Motorists should be paying £1.10 a litre for unleaded petrol at the moment - and the only reason they are not is because retailers and refiners have accepted a drop in profits.
That's according to a survey by petrol-price analysis firm Catalist, which says that although petrol prices have risen 2.1p on average since July, the price of crude oil and the taxes on petrol have risen far more steeply than that.
A barrel of crude oil currently costs $95 (£45.50) in the United States, but was just $71 (£34.00) at the start of July.
In addition, the UK Government has raised taxes by more than 2p a litre in the same time period.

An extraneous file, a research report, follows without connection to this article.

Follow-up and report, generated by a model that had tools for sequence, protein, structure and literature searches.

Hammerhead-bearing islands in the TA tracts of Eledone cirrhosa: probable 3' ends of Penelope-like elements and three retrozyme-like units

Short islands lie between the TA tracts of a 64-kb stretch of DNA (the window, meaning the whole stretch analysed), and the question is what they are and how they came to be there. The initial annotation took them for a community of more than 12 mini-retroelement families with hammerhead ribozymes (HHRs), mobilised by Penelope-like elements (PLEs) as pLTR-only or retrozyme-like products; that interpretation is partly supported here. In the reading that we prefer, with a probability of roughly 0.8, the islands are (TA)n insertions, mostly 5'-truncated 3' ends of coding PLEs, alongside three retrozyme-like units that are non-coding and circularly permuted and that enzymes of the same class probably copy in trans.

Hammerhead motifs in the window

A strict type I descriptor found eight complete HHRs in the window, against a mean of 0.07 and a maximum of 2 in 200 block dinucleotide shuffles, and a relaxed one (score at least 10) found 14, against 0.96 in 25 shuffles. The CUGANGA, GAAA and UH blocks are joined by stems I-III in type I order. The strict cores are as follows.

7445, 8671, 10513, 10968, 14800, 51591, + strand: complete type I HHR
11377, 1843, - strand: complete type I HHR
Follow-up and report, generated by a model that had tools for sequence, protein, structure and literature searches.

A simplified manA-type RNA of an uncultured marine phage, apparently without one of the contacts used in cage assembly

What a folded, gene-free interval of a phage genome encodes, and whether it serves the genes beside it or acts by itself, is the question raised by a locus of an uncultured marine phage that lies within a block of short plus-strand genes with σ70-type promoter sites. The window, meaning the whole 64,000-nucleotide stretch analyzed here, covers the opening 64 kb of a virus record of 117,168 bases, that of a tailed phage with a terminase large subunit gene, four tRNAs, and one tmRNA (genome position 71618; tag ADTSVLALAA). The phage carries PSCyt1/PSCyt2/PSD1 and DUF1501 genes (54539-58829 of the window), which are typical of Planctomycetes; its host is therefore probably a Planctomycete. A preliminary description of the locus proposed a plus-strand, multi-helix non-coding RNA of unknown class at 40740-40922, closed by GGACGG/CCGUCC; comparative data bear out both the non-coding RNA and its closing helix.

Catalist says that if petrol prices had risen at the same rate as crude oil prices and then had the extra tax added, the average price of a litre of unleaded would be £1.10 rather than 99p.
However, retailers and refiners are not expected to continue to absorb the price rises for long, sparking fears of a massive rise in inflation.
The price of a litre of unleaded is set to hit £1.02 a litre by the end of November, according to analysts.
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